When you look at the food systems approach and what’s being funded, this is still mostly about productivity enhancing measures; there is relatively less focus on the rest of the supply chain. If you imagine something mind-boggling like one third of globally produced food being lost or wasted, you start thinking why not address that problem instead of squeezing more productivity out of the soil. Once this low-hanging fruit is picked, the pressure to produce yet more also eases.

Incentivizing policies can look beyond the productivity angle and come to grips with what “climate-smart” really means in agriculture. Better understanding of the research and good practices will help create policies that incentivize the shift.

With the UK hosting the [UNCCC] COP 26, would you like to reflect on the link between food systems and the wider climate agenda?

Those working on climate, environment and saving the planet usually depict agriculture and food systems as major culprits. Yes, food systems contribute to a massive amount of emissions, but we need to look at what is realistic and how we shift towards agriculture being part of the solution.

“The average person on the street needs to understand what this is about and what can be done, and then engage with political decision makers to get it done. Not in 50 years’ time, but from now.

When we run a sector as more climate smart, we need to first identify the risks. How can I know whether an investment in food systems makes the situation better if I only have an opaque or no understanding of the climate risk to a commodity or geography, or which parameters I need to review? The reporting would not have much substance without an established process to reach consensus on what “good” looks like. An investment could be a positive adaptation or one with positive intentions but not doing any good since we didn’t understand the climate risks in a given investment context correctly.

We’ve also started looking at agricultural subsidies. There is a real movement in the world now to make them more beneficial for the planet, people and prosperity, ie achieve the triple win, but there is more to be done.

Food systems are all over what we want to achieve. Agriculture is one of the most controversially negotiated subjects in the COP process, so our work is cut out for ourselves.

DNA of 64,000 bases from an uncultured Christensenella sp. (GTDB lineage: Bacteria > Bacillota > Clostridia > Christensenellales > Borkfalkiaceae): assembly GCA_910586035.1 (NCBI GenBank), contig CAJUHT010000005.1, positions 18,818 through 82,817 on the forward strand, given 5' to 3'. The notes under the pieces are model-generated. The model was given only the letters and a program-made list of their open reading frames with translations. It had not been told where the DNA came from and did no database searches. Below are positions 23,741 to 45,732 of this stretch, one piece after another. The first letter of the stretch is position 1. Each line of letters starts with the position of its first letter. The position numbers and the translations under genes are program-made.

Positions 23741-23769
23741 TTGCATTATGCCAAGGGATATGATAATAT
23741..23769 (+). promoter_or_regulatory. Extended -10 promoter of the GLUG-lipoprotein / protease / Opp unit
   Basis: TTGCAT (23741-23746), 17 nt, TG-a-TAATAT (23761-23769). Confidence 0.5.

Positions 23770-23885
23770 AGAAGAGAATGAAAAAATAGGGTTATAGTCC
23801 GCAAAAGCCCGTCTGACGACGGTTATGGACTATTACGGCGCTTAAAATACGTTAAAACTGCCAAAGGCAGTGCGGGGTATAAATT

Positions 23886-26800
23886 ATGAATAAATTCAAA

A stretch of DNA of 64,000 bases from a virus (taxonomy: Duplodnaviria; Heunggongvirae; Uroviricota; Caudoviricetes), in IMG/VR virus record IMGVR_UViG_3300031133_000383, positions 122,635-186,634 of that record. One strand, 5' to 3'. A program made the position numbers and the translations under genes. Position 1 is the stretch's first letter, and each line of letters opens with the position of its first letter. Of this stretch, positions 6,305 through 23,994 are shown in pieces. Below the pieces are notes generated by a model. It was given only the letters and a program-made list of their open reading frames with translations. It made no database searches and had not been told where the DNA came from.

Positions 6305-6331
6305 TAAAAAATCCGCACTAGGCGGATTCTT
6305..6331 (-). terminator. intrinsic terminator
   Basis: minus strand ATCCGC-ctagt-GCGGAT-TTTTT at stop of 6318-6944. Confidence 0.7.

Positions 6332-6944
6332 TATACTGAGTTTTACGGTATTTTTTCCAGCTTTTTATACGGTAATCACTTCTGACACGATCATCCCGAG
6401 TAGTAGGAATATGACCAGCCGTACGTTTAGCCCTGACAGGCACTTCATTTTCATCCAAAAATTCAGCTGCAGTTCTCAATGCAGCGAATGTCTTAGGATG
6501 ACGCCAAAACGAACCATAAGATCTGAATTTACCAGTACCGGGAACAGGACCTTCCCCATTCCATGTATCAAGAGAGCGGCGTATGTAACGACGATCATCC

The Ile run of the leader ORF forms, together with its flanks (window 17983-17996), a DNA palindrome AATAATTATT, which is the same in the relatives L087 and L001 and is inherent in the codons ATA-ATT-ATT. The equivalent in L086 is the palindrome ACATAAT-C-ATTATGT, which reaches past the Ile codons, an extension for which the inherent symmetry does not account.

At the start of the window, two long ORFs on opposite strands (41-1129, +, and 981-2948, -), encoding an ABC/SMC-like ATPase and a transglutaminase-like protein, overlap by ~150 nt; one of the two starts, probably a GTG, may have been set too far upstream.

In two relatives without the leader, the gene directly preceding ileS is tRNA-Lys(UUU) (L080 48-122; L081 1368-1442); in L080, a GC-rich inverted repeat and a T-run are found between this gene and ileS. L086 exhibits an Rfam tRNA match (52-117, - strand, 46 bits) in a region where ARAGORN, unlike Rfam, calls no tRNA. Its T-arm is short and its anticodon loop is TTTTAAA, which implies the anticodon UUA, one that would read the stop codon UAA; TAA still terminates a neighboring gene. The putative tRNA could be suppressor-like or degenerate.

Are there some changes that give you optimism that this transformation of food systems being called for is possible?

What gives me hope that things will change is a very young generation, still in school or university or about to start their career. They see their future being severely compromised unless we make inroads on food systems quickly. We depend on them, shouting it from the rooftops and pressurizing us to do better and their generation into decision-making roles, to act now while there’s still time.

Do you have specific thoughts for the role of a network like the Global Donor Platform for Rural Development, related to the need for improved coordination of donor support?

The role of the Donor Platform could really make inroads on good coordination, and that’s more important than ever before. There will be a coordination and follow-up body by the Rome-based Agencies following the Summit but nothing concrete has yet come outside of the usual G7, G20, and other Nations’ clubs on what the expectations are beyond “business as usual”. There is a strong role for donor coordination and monitoring on the back of the Summit, to ensure it doesn’t join other UN summits that demonstrate good will and policy debate but have no follow-up and accountability.

That’s the key role of the Donor Platform in the coming years, to complement what the Rome-based Agencies will do and keep a donor perspective in a forum for debate and a policy donor perspective on how to bring their combined weight into the follow-up.

Thank you, Iris, for your time and for sharing your reflections, experience and vision.